World culture theory seeks to explain an apparent convergence of education through a neoinstitutionalist lens, seeing global rationalization in education as driven by the logic of science and the myth of progress. While critics have challenged these assumptions by focusing on local manifestations of world-level tendencies, such critique is comfortably accommodated within world culture theory. We approach the debate from a fresh perspective by examining its ideological foundations. We also highlight its shift from notions of myth and enactment toward advocacy for particular models, and we show that world culture theory can become normative, while obscuring our view of policy convergence. Finally, we critique the methods and evidence in world culture research. We argue that such research, while failing to support its own claims, actually produces world culture, as its assumptions and parameters create the very image of consensus and homogeneity that world culture theorists expect scholars to accept-in faith-as empirically grounded.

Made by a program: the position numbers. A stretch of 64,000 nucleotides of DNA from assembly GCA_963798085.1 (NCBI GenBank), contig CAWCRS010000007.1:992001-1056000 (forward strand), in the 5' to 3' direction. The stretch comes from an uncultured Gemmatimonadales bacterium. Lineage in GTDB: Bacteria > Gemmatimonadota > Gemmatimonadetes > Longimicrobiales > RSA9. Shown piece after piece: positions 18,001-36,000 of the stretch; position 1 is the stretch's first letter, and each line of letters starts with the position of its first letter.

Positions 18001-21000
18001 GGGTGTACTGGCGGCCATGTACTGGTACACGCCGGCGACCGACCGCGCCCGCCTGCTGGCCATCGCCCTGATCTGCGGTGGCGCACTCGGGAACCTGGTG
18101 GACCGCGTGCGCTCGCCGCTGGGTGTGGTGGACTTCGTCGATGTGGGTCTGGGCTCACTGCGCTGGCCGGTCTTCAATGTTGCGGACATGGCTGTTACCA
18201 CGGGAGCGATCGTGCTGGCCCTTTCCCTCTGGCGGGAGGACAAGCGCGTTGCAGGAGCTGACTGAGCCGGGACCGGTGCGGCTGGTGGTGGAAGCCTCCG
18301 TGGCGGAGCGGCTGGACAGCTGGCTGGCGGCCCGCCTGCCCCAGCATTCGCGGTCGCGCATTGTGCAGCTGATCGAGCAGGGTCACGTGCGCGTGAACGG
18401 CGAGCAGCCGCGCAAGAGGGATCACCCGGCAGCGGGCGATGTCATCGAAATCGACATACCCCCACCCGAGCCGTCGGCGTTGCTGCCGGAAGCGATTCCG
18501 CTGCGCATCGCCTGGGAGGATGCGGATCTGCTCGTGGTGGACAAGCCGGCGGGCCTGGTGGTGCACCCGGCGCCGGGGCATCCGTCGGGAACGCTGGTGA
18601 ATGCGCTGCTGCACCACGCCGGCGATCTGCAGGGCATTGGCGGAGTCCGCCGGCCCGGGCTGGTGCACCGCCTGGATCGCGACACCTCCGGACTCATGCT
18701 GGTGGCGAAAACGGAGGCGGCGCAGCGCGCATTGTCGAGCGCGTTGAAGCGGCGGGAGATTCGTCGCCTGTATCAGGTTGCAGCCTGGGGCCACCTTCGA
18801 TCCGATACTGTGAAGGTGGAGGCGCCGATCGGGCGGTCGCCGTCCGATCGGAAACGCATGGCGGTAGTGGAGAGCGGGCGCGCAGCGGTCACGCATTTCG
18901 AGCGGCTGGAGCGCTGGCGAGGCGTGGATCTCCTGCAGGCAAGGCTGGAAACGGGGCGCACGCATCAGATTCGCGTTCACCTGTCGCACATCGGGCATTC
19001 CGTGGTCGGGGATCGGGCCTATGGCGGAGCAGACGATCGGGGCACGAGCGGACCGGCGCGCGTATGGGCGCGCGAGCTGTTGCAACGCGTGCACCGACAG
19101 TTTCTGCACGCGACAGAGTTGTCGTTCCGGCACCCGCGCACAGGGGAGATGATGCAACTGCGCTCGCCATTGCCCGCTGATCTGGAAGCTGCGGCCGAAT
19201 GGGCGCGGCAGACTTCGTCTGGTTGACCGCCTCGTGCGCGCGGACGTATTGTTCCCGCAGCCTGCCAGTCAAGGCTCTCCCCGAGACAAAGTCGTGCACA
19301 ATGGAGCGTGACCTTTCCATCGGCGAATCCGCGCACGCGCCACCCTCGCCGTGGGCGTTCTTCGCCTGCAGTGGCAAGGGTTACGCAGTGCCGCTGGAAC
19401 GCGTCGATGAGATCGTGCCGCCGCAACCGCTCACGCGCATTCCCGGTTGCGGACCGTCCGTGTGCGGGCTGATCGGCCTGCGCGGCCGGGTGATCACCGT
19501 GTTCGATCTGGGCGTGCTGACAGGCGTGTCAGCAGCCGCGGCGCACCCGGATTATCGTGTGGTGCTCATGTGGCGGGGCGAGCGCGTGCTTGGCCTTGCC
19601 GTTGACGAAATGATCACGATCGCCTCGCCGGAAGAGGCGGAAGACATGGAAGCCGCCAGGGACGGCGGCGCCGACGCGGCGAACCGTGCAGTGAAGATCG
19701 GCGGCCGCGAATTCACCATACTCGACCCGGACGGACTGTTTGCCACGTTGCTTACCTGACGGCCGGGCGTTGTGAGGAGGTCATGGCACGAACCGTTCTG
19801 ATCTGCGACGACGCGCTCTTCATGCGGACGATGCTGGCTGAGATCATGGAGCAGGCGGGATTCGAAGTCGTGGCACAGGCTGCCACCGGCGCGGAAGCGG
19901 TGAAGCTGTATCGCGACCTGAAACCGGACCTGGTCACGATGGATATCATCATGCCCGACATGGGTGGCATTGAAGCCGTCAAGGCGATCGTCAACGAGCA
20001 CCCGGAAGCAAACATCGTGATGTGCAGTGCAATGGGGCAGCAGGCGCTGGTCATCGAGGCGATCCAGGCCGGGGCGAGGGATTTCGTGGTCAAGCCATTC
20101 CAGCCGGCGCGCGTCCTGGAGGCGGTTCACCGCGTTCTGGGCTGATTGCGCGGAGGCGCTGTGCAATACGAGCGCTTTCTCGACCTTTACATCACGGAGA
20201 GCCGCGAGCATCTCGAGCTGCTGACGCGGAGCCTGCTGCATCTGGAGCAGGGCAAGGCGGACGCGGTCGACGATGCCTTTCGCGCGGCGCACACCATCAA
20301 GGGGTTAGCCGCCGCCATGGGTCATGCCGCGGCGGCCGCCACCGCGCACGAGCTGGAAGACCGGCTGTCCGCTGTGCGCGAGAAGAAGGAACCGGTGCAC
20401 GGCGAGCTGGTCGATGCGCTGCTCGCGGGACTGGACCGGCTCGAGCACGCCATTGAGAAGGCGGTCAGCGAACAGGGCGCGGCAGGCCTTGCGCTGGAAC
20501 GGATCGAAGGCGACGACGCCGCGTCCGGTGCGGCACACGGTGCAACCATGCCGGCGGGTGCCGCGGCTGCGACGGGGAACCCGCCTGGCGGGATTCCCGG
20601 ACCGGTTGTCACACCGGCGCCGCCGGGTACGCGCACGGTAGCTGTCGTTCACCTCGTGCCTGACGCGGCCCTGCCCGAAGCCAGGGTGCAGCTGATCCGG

|Translated title of the contribution||Between faith and science: World culture theory and comparative education|
|Number of pages||28|
|Journal||Comparative Education Review|
|State||Published - Aug 1 2012|
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